According to a recent survey, gentlemen prefer blogs to the tune of 75 percent; 25 percent of blog frequenters are female. But I want to invite all you ladies to invade the male space. What exactly is a blog? Well, it is an online journal or tabla rasa in the Internet zone where average people can post articles and comments, expostulate, and generally schmooze about topics ranging from food to politics.
It is also a retaliation against what bloggers call MSM; you know, mainstream media, such as CNN, Fox News, and the New York Times. The argument is that MSM is controlled by corporations and other insiders. The blog provides the opportunity for the little guys, or gals, to make their otherwise inaudible opinions known.
I stumbled upon this process when googling for “Schopenhauer.” It turned out Mayor Jerry Brown—formerly the Governor of California—had just started his own blog. The philosopher that he is, he had made comments about Schopenhauer, as well as about teen drag racing through Oakland, curfews for ex-convicts, and freedom of speech issues.
I figured I would chime in without telling my fellow bloggers that I have a regular column in MSM. Someone had already blasted Jerry for having the nerve to start a blog when he can be heard on O’Reilly’s Factor and Hardball.
I did not tiptoe into the medium, as I should have, but rushed in by calling America a land of parrots since 9/11, with only one line—a salute to the flag. This drew fire, and I was called a moron by some moron in the blogosphere. How dare he? He was tarnishing the reputation of blogging, straddling a fine line, butchering his chance of being graced by my deep, insightful words again.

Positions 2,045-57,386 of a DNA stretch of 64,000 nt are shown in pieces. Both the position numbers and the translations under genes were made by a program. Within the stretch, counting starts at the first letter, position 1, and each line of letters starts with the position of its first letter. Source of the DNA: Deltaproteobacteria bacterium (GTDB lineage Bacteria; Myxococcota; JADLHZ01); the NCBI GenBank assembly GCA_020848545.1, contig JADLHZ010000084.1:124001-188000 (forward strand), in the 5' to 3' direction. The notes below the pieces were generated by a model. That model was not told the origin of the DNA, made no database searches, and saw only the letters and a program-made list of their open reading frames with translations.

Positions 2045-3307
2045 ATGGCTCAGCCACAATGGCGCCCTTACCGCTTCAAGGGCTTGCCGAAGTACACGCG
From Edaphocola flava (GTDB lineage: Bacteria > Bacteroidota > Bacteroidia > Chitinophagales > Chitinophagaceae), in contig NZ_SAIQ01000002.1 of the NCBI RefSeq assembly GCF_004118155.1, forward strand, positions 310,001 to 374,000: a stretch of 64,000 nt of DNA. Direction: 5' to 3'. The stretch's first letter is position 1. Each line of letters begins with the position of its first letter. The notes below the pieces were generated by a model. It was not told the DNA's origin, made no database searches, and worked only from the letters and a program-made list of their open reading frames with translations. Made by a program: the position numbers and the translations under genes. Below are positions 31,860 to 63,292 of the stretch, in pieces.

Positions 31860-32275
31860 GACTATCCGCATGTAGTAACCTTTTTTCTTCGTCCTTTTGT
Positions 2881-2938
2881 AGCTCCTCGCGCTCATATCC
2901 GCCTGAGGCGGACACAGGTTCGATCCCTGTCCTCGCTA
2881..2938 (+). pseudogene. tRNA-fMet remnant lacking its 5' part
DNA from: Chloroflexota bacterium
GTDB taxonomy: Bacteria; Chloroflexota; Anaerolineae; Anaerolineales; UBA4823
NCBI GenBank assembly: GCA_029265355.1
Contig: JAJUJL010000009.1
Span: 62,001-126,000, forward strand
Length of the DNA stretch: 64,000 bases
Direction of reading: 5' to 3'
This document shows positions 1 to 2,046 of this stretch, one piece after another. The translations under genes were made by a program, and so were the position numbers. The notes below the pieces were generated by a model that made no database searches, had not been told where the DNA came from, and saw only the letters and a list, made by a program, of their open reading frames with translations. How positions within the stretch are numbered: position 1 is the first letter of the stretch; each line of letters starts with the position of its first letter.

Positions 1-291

I felt better a day later after reading the 255 entries on this one topic and finding that the anonymous and well-known—from some guy named “Smiling Simian in Shades” to Linda Ronstadt, Bruce Springsteen, Noam Chomsky, and even Jerry himself—had all been called equally insulting names. If Jerry—who is brilliant in my estimate—can be attacked, it was not a big deal anymore.
The next day Jerry posted a comment about political extremism, and I was ecstatic because I knew it was my chance to delve into my favorite topic: dead philosophers. Both he and I seem to enjoy this popular hobby.
When I mentioned how I am particularly a devotee of 17th century philosopher Baruch Spinoza, some guy who called himself “Bill Gates” (yeah, right) attacked Spinoza as “having been discredited long ago.” Excuse me? It’s one thing to fire bullets at me, but I will not stand for vitriol against my future husband—you know, in my next life.
Bill Gates went on to tell me to go live with the animals. Although he was referring to the furry kind, I politely replied, “No. I don’t want to live with you.”
Then someone named HA offered his two cents by insinuating that my carefully reasoned arguments were tedious. I asked, “Is this a mere joke as your name implies? Ha ha, HA.”
Blogging is more than entertainment. It is a way to keep the shelves stocked in the marketplace of ideas. It allows brave political souls to get input from their constituents about public policy. Eight million people have blogs and 3% of Americans read them daily.
Ladies, maybe you’ll join the trend. Bill Gates is waiting for you.
Published in the Los Angeles Daily News and in The Simon Magazine.